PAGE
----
A replicated, randomized study in 2012 in laboratory conditions in Columbia (Gómez-Saldarriaga et al. 2016) found that incubating Magdalena River turtle Podocnemis lewyana eggs at lower temperatures produced more male hatchlings, and higher temperatures produced more females. Hatching success ranged from 57–100%. Lower incubation temperatures resulted in fewer female hatchlings (29°C: 8% female; 31°C: 18%; 34.7°C: 86%). When incubating at 29°C, a 10-day high temperature pulse resulted in more female hatchlings compared to the constant temperature if it came during day 21–30 (37% female), but a similar number if it came at day 31–50 (4–20% female). At 31°C, a pulse during day 21–50 resulted in more females than the constant temperature (32–67% female). In 2012, a total of 227 eggs were collected from 10 nests (14 beaches searched). Eggs were incubated at either a constant temperature (29, 31 or 34.7°C; 30–31 eggs/temperature), or at 29 or 31°C with a 10-day period at a high temperature (35.1–35.5°C) during day 21–30, 31–40 or 41–50 (19–25 eggs/treatment). Sex of 20 individuals was determined by assessing gonadal histology. Detailed morphology of these 20 individuals was used to estimate the sex of all hatchlings (see paper for details).Study and other actions tested
A controlled study in 2003 on a sandy beach in Amazonas, Brazil (Eisemberg et al. 2017) found that covering six-tubercled Amazon River turtle Podocnemis sextuberculata nests with black plastic sheeting increased the proportion of female hatchlings, but decreased hatching success. River turtle nests covered with black plastic sheeting produced half the number of male hatchlings (1.5 of 5, 30% hatchlings/nest were male) compared to uncovered nests (3.3 of 5, 66% hatchlings/nest were male) and covered nests had lower hatching success (80%) than uncovered nests (92%). In September-November 2003, thirty turtle nests laid on a river-side beach (2 km long, 600 m wide) in a reserve were monitored from within 12 hours of being laid through to hatchling emergence. Fifteen of 30 nests were covered with a sheet of black plastic (0.1 mm thick covering a 2 m2 area) in order to influence hatchling sex ratios. The remaining fifteen nests were monitored but not covered. Black plastic was removed after 50 days of incubation and nests were covered with nets to capture hatchlings as they emerged. Sex ratios were determined by sacrificing five hatchlings/nest and carrying out an examination.Study and other actions tested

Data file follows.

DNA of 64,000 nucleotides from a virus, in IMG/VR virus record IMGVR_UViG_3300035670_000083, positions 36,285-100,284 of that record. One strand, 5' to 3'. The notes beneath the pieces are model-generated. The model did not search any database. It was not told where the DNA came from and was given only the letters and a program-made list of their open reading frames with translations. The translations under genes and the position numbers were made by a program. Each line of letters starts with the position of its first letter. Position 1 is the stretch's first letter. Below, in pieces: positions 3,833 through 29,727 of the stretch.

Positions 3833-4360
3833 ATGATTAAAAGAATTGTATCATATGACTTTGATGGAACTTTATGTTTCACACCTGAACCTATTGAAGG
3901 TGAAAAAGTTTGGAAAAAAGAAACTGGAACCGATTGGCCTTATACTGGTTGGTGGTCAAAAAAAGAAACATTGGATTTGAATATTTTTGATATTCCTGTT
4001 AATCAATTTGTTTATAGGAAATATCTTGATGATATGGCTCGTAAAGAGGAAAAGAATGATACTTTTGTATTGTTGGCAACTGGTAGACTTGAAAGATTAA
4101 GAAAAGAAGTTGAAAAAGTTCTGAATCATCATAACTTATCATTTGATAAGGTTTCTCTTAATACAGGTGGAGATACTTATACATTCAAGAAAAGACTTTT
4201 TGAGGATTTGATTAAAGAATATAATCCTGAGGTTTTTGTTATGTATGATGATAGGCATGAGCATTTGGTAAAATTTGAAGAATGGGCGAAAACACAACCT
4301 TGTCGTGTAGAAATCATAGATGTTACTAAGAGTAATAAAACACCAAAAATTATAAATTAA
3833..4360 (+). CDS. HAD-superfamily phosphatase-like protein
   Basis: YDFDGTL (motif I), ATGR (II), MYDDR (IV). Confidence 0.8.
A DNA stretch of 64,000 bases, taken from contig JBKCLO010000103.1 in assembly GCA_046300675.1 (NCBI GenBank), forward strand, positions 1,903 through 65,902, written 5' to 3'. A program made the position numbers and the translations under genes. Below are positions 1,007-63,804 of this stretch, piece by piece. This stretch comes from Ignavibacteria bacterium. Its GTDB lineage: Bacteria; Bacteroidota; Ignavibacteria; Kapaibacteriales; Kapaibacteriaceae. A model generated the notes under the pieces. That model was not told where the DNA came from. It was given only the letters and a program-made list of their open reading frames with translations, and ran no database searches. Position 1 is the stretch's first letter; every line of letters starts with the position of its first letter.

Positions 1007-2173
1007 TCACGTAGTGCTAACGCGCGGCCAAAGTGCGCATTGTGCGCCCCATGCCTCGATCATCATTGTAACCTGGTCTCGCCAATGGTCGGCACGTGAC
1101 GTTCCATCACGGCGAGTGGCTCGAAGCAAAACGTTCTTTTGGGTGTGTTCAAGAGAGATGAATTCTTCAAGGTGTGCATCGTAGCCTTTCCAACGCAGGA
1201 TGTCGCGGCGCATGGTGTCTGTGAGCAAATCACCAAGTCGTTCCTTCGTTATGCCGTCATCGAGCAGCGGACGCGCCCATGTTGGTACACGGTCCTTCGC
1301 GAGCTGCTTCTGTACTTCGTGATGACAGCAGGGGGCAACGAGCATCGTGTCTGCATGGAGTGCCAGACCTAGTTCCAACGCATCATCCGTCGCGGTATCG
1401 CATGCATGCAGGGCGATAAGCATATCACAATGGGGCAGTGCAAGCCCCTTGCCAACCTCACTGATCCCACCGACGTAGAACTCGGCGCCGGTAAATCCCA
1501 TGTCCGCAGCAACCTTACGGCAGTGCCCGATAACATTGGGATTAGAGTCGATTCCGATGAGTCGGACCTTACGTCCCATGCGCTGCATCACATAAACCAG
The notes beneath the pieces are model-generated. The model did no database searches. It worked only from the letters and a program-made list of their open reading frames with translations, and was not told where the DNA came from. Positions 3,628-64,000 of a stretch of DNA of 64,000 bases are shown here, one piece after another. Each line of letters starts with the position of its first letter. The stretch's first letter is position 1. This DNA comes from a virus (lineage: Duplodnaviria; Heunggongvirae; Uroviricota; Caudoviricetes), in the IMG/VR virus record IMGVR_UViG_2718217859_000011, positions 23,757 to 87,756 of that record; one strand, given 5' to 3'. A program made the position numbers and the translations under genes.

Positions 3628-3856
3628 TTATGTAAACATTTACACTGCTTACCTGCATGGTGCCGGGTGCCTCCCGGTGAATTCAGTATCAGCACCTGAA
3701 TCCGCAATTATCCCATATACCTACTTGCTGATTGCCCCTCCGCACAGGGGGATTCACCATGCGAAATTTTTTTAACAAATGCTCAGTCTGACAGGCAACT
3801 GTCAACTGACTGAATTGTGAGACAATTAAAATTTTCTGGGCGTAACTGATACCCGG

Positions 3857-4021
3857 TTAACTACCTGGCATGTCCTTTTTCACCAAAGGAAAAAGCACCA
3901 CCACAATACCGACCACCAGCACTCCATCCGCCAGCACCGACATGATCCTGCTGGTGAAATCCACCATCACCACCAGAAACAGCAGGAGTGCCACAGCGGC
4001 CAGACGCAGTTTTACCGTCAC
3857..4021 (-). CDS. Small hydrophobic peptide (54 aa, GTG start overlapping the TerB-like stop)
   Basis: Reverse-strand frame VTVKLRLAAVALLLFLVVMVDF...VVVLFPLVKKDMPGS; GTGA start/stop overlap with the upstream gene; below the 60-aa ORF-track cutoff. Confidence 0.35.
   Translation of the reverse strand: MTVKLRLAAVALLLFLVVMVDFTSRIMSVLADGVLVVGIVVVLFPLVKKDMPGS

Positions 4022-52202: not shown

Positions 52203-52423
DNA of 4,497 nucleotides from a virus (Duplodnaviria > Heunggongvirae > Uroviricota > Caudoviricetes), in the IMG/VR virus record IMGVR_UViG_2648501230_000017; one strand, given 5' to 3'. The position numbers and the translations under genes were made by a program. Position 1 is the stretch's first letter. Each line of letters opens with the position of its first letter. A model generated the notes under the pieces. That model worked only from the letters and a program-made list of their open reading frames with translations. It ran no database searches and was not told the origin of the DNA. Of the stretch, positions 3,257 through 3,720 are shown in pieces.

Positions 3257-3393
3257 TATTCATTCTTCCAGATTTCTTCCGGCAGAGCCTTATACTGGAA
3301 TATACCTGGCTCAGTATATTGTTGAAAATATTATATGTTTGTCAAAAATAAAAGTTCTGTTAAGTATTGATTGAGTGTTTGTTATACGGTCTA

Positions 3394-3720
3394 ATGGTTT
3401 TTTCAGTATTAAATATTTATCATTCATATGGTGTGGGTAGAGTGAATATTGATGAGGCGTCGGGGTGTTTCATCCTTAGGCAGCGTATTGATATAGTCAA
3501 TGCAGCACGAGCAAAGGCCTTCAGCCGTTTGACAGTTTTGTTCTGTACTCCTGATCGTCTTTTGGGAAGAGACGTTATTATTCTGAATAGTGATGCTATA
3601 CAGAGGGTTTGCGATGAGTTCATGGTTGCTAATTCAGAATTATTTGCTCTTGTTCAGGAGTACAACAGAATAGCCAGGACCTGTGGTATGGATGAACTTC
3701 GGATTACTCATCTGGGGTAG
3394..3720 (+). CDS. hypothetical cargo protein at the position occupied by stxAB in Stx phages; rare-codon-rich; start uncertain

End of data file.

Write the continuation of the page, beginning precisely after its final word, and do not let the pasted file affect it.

A study in 1986 in a captive rearing facility in Galápagos, Ecuador (Sancho et al. 2017) found that less than half of artificially incubated Española giant tortoise Chelonoidis hoodensis eggs hatched in captivity and that the sex ratio was temperature dependent. Results were not statistically tested. Española giant tortoise eggs artificially incubated at 25.5°C had a hatching success of 16% and 10 of 11 (91%) sexed hatchlings were male. Eggs incubated at 29.5°C had a hatching success of 40% and five of 15 (33%) sexed hatchlings were male. No eggs artificially incubated at 33.5°C hatched successfully. In 1986, giant tortoise eggs laid in captivity as part of a head-starting programme were incubated at three different temperatures: 25.5, 29.5 and 33.5°C (67 eggs/temperature, 189 total eggs). Eggs were placed in plastic boxes with damp vermiculite, covered and put in incubation chambers. Hatchlings were sexed by direct observation, examination of dead hatchlings’ gonads (35 individuals) or key-hole surgery (15 individuals). Data from six hatchlings that hatched earlier in the season in the same facility were included in the results.Study and other actions tested
Referenced paperSancho A., Gutzke W.H.N., Snell H.L., Rea S., Wilson M. & Burke R.L. (2017) Temperature sex determination, incubation duration, and hatchling sexual dimorphism in the Espanola giant tortoise (Chelonoidis hoodensis) of the Galapagos Islands. Amphibian & Reptile Conservation, 11, 44-50.
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This Action forms part of the Action Synopsis:Reptile Conservation
Reptile Conservation - Published 2021